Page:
52 So You Want To Be A Radiologist? ADVICE FROM PROGRAM DIRECTOR In reviewing applications for Diagnostic Radiology residency, we try to be objective in terms of past performance. Academic performance is one of the factors we utilize in selecting our potential applications for interviews. Important also is whether the applicant has done a Radiology elective and shown great interest in the UC Davis Radiology Program. There are a limited number of positions in Radiology nationwide. Diagnostic Radiology has become very competitive in the past few years. There are few programs that match for the PGY1 position. The majority of programs require a preliminary year followed by a match at the PGY2 position. There is a PGY2 match, including those selected at UC Davis. Research is not required during medical school, but it is highly desirable. The earlier the student seeks advice, the better, in the M1-2 year. This can then allow him or her to focus attention more specifically in radiology, start a dialogue with a faculty in radiology or start research or a project that would take some time to complete. Still, many resident applicants have not sought advice until their early fourth year and have been a successful applicant. Our program is seeking well-qualified students who are highly motivated and show a track record of success in graduate and medical school. Research that is focused towards radiology is a bonus but not required for a successful match into Radiology. CONTACT CONTACT John P. McGahan, M.D. Phone #:

53 So You Want To Be A Surgeon? Advice From Program Director We put significant value on Step I scores, and very little on Step II – only a small number of students have Step II scores at the time we’re making decisions about resident selection. The important information in an application to us is, in rank order: 1) performance on 3 rd year clerkships; 2) performance on USMLE Step I; 3) performance in the first two years of med school; 4) recommendation letters; 5)dean’s letter; 6) extracurricular activities, and 7) personal statement. There are limited positions nationwide. There is no early match. There is no PGY2 match. Research is not required. Students should seek advice from faculty in their M2- M3 year. We are anxious to attract diverse, outstanding candidates who will thrive at UC Davis. Our aim is to recruit a group of superbly qualified physicians who will enjoy our rigorous training program. We invite you to examine our residency program by visiting our web page at ucdmc.ucdavis.edu/surgery. CONTACTS: Lynnette Scherer, M.D. Phone #: or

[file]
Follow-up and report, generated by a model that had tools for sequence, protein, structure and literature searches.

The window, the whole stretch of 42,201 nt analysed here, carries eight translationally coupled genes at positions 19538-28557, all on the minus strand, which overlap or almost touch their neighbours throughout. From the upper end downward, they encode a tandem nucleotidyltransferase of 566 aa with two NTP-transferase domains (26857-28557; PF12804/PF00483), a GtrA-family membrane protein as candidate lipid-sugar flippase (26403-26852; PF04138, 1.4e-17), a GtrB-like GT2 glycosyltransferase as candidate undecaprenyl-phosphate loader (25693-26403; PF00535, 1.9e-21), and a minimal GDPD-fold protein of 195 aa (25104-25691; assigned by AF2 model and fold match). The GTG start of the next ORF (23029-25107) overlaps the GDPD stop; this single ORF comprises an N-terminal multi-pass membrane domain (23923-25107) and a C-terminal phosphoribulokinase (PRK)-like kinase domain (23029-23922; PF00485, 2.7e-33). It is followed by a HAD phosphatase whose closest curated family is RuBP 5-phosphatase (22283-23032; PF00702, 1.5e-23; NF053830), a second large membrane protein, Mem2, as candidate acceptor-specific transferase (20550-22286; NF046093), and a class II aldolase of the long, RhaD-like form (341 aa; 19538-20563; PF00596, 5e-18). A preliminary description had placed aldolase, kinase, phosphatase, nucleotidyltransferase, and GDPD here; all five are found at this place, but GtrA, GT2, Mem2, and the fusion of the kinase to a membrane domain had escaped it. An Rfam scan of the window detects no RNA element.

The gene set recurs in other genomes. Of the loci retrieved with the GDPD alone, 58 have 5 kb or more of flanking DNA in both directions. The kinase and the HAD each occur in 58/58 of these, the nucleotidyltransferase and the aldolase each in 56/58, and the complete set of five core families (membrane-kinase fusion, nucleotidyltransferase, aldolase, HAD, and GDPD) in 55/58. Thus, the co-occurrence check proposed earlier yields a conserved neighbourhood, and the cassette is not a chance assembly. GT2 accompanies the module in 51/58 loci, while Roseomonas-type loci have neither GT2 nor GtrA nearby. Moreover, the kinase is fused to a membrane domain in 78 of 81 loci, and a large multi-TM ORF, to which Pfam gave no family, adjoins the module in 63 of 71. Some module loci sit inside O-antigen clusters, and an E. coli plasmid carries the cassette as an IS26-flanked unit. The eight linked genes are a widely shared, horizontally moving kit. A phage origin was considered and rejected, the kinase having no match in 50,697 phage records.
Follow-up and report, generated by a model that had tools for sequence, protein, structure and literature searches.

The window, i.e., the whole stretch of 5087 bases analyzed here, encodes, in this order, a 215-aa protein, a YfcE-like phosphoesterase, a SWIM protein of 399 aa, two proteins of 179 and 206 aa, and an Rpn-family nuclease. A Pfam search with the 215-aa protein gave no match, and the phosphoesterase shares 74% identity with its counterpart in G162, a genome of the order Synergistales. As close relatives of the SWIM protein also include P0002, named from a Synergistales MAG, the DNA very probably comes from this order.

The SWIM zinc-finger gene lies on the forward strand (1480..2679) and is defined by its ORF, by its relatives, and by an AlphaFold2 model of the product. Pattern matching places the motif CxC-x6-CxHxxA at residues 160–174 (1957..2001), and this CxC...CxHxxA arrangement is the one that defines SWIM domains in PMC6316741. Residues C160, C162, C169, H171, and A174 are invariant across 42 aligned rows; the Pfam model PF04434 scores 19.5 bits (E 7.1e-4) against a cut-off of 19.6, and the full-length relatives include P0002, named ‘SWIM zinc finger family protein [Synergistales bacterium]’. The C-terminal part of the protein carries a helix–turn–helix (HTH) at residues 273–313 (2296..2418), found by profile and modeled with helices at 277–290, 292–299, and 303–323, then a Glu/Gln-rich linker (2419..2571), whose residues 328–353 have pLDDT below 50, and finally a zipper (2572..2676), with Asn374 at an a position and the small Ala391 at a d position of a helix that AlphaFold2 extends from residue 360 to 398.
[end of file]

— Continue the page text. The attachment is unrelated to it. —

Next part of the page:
54 So You Want To Be A Urologist? ADVICE FROM PROGRAM DIRECTOR Grades and test scores need to be high to match in Urology. Most that are invited to interview have board scores in 90 th %, 50% honors grades, and 50%+ are AOA. Grades and test scores need to be high to match in Urology. Most that are invited to interview have board scores in 90 th %, 50% honors grades, and 50%+ are AOA. There are limited positions nationally, and only about 15% go unfilled in the match. There are limited positions nationally, and only about 15% go unfilled in the match. There is an early match in urology. There is an early match in urology. There is no PGY2 match. There is no PGY2 match. Research is highly desirable; most invited for interview are involved in past research. Research is highly desirable; most invited for interview are involved in past research. more on next slide

55 So You Want To Be A Urologist?(continued) Students should seek advice on residency from our faculty beginning in their M2 year. The program seeks candidates who are committed to their education and training, and have personality traits that fit with existing staff and residents. CONTACT: Roger Low MD:

56 There Will Always Be More Questions… Feel free to call or College Directors and Deans Amerish Bera, M.D., , College Director and Assistant Dean, Admissions and Outreach Constance Bowe, M.D., , Director Constance Bowe, M.D., , College John T. Owings, M.D., , Assistant Dean, Student Affairs Michael Wilkes, M.D., Ph.D , Vice Dean Medical Education Dan West, M.D., , College Director and Pediatrics Program Director Jorge Garcia, M.D., , College Director and Internal Medicine: Gastroenterology Program Director Tonya Fancher, M.D., , College Director and Assistant Program Director, Internal Medicine

57 Program Directors AnesthesiologyMoore, (916) Dermatology Lynch, Emergency Medicine Sokolove, (916) Family & Community MedBalsbaugh, (916) Internal Med.Henderson, (916) Neurological SurgeryMuizelaar, J. (916) NeurologyRichman, (916) Nuclear Medicine Shelton, (916) OB/GYN Ciotti, (916) Ophthalmology Caspar, (916) more on next slide

58 Program Directors (continued) OrthopaedicsHak, David (916) Pathology Ramsamooj, Raj (916) PediatricsWest, Dan (916) PM & R Vandenakker, Carol (916) PsychiatryServis, (916) RadiologyMcGahan, (916) SurgeryScherer, (916) Plastic Surgery Stevenson, Thomas UrologyLow, (916)

59 ASK FOR ADVICE FROM THE FACULTY…THEY’RE EAGER TO HELP! BECAUSE MEDICAL SCHOOL IS ONLY THE BEGINNING OF YOUR MEDICAL EDUCATION.